So, what were the first signs of Ella’s health condition? She had been a 41-week pregnancy, and a healthy baby, had all her immunisations, and had not been a sickly child. Then, her first hospital visit came in 2010, with a severe cough and coughing syncope, which is more common in long-distance lorry drivers. Her GP records showed no warning signs and there was a struggle for diagnosis. Meanwhile, she started experiencing hypoxic seizures and had one of the worst cases of asthma recorded; brittle asthma, which is extremely rare. During a bronchoscopy, her lungs had shut down, and she had found herself in the ICU five times altogether, before passing away three weeks after her ninth birthday.

The link with air pollution, however, wasn’t made until after her death, said Addo-Kissi-Debrah. A coroner’s officer was looking into her case and they brought in a medical expert to look at the samples from her daughter’s body that Addo-Kissi-Debrah had, she said, for some reason felt she had to make sure were taken. During an interview for a local newspaper on the anniversary of Ella’s death, she had asked generally if anyone out there could help: and a man wrote in and told her to check the air pollution around the house at the time. So, she found an expert and, indeed, 27 out of the 28 times Ella’s health had gone down, a pollution peak was occurring.

Ella’s Law is soon to be proposed for a second time. If passed, it will serve to prevent other such pollution-related deaths. Indeed, the Gov.uk website states that “air pollution is the biggest environmental threat to health in the UK, with between 28,000 to 36,000 deaths a year attributed to long-term exposure.” It is also widely documented that “there is strong evidence that air pollution causes the development of coronary heart disease, stroke, respiratory disease and lung cancer, and exacerbates asthma.”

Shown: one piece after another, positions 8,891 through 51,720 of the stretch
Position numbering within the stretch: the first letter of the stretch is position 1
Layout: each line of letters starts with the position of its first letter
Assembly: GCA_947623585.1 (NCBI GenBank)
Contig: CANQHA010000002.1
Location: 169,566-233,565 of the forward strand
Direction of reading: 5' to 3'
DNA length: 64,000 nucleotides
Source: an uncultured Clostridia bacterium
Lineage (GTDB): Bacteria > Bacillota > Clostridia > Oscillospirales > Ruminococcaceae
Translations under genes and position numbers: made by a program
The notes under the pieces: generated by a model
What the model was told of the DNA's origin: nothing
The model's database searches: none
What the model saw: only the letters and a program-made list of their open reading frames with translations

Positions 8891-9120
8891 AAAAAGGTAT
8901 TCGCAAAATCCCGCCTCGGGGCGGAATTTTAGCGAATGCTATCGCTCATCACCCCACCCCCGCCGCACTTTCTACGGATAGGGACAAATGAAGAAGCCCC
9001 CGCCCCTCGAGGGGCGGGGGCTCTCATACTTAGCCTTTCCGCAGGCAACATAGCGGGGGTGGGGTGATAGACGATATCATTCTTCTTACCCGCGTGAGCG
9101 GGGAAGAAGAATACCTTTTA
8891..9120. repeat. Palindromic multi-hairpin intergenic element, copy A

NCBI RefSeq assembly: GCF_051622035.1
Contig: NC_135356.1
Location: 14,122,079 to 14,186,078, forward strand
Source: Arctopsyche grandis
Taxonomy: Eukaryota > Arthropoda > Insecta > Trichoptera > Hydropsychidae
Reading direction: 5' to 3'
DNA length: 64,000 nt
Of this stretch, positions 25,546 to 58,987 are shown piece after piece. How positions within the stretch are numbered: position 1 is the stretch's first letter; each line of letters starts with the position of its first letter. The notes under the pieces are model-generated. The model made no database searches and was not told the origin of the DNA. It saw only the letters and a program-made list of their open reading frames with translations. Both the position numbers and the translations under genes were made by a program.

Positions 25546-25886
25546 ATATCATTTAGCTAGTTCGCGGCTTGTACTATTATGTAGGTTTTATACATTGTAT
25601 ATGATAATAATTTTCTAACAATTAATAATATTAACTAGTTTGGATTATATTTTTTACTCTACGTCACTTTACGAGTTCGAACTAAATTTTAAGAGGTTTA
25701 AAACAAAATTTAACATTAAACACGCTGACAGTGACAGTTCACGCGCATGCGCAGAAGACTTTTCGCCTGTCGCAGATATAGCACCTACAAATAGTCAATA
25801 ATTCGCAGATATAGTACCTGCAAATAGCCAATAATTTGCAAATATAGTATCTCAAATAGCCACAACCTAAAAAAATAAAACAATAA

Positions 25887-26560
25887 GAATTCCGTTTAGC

Why we die and the quest for immortality

Following a short coffee break, the next part of the day was introduced by WIRED’s curator, João Medeiros, who welcomed Venki Ramakrishnan, author of “Why we die” (a deep dive into the science of ageing), on stage to discuss ‘The quest for immortality’.

If you’re a mayfly, Ramakrishnan began, you live about a day, while butterflies can live a week or sometimes months. A Galapagos tortoise, by contrast, can see out 150 years, and a Greenland shark about 400 years or so. In short, the larger you are, generally, the longer you can expect to live as a species. And evolution optimises for fitness: if small, there’s no point in spending resources to maintain and repair the body to stay alive longer, as you will be eaten before then, he said. Being larger permits time to find a mate and produce offspring over a longer period, as well. Also, smaller animals have a higher metabolic rate and don’t live as long; almost burning out, if you will. And wider ranging animals live longer than terrestrially trapped mammals, too.